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Gossamer Worlds: Empyrea (Diceless) $1.49
Average Rating:4.1 / 5
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Gossamer Worlds: Empyrea (Diceless)
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Gossamer Worlds: Empyrea (Diceless)
Publisher: Rite Publishing
by Mark K. [Verified Purchaser]
Date Added: 05/29/2014 23:56:48

These world source books are a great little addition to the Lords of Gossamer and Shadow because they are short, descriptive and interesting. They make me want to read them and Matt Banach keeps me wanting more from every one of his little gems.

Empyrea is a Grecian styled world with a self styled all-powerful ruler. This ruler has seemingly been experimenting with the subjects of his domain by introducing nanotechnology genetic serums to make them become super-human. The serums are also likely to be reducing the ability for the normal people of the domain to be able to manipulate magical forces. Of course that does not stretch to the tyrants own children.

Of course I make it sound very sinister and it is not necessarily the state of things. The domain has many beautiful, powerful individuals and is surprisingly high tech though much of this technology is well hidden from view. The world is bright and beautiful and many impressive excesses can be experienced here.

The ruler of this world is not a Lord of Gossamer yet. He has only recently become aware of the existence of the Grand Stair and his first encounter with a Lord did not end well. So much so that the door into the world is kept secret and it can be quite a hostile place for people that are unknown. There is a great deal of technical and mystical surveillance on the populace and unknowns tend to be quickly identified and then they are closely watched.

I love this book for its connections to the idea of Olympus and some nice mythological additions that are built in both with sorcery and technology. The rules are basically invisible in this book with the standard domain table being included as the final portion of the book.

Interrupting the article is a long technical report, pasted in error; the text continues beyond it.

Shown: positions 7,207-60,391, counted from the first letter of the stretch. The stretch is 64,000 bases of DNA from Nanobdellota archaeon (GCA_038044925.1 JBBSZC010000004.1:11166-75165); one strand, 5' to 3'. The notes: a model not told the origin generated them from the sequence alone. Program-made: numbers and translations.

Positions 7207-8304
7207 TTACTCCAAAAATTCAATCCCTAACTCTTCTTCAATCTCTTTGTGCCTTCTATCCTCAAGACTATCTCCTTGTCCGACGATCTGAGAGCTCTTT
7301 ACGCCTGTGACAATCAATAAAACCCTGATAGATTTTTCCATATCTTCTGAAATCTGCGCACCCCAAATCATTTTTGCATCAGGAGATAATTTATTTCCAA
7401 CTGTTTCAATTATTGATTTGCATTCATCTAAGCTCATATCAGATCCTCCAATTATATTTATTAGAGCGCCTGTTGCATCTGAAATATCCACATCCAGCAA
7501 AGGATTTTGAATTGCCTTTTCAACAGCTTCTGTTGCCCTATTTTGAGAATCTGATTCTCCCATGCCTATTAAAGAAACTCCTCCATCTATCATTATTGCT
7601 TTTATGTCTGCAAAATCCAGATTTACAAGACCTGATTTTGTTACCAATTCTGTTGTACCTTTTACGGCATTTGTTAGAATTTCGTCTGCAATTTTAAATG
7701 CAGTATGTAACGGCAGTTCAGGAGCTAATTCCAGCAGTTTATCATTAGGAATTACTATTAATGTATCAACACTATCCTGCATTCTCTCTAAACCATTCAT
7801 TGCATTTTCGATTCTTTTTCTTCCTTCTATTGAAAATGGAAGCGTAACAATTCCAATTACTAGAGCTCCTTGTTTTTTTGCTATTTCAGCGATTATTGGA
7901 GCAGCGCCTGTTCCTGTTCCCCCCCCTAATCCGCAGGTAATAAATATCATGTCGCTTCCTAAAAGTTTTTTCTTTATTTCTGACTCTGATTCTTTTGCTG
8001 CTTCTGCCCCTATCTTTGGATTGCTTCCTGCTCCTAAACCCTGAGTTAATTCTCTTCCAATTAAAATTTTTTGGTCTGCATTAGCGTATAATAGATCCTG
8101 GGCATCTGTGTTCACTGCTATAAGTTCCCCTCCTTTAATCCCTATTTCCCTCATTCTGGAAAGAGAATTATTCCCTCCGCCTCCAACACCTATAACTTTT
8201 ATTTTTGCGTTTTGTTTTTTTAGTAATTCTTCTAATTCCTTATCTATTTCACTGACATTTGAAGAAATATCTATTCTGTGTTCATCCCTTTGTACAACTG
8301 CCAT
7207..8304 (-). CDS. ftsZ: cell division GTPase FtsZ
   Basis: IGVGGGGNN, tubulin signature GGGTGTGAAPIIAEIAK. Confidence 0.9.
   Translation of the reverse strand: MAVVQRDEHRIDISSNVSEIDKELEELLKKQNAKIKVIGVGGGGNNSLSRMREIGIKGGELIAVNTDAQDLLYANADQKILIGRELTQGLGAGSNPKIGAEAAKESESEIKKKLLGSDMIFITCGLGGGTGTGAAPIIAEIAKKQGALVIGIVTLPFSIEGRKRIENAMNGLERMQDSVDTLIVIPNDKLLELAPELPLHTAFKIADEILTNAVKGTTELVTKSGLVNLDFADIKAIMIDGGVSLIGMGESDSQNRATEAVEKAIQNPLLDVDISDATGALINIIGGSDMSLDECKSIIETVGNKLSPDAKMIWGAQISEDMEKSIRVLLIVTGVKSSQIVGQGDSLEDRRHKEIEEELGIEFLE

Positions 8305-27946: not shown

The material is very easy to read and the book will likely be devoured in under ten minutes. The details hide a lot of hooks for adventures and provides a good detail of the atmosphere of the world to include in the games that you run with a connection to this world. It is an interesting place to visit and a world that I had not really considered previously for my own game but who knows, it may well be a place my players will be visiting in the future. Get this book for your game, it is well worth it. 4 out of 5 bunches of cyber harpies!

[4 of 5 Stars!]
Gossamer Worlds: Empyrea (Diceless)
Publisher: Rite Publishing
by Thilo G. [Featured Reviewer]
Date Added: 05/06/2014 02:49:49

An Endzeitgeist.com review

Infinite worlds lie on the Grand Stairs - here, we get Empyrea in the second installment of the Gossamer Worlds-series in a 9-page pdf, of which 1 page is the front cover, 1 page the editorial, leaving 7 pages - so what is this place all about?

If you're a comic-book-nerd, think New Genesis. If that doesn't ring any bells - think an idealistic, enlightened greco-roman-style planet of essentially superhumans - guided by a benevolent allfather who is only slowly coming to grips with the existence of the Grand Stair, the people of Empyrea essentially live in bliss and, via positive eugenics, can be indeed considered superb beings. If you're like me, this makes you shudder somewhat, though the ruler seems indeed to be a mostly benevolent influence. Overall, though, the otherwise very elysian society remains ignorant of the Grand Stairs...at least for now.


Editing and formatting are top-notch, I didn't notice any glitches. Layout adheres to Rite Publishing's purple-bordered two-column full-color standard and the thematically-fitting stock-art by Thomas Cole is great. The pdf comes with bookmarks, in spite of its brevity.

Matt Banach's in-character prose once again is glorious and Empyrea comes alive from the pages of this supplement - the writing is awesome and the world per se compelling and full of potential. That being said, the world as such feels slightly less unique than Brokeworld, has no per se unique characteristic regarding its influence on magic/characters. It makes for a great, compelling backdrop, but it feels a tad bit less original than Brokeworld. It makes for a great place to visit, but verdict-wise, this installment of gossamer worlds clocks in at 4 stars for me - a good supplement, but not 100% as unique as its predecessor.

Endzeitgeist out.

[4 of 5 Stars!]
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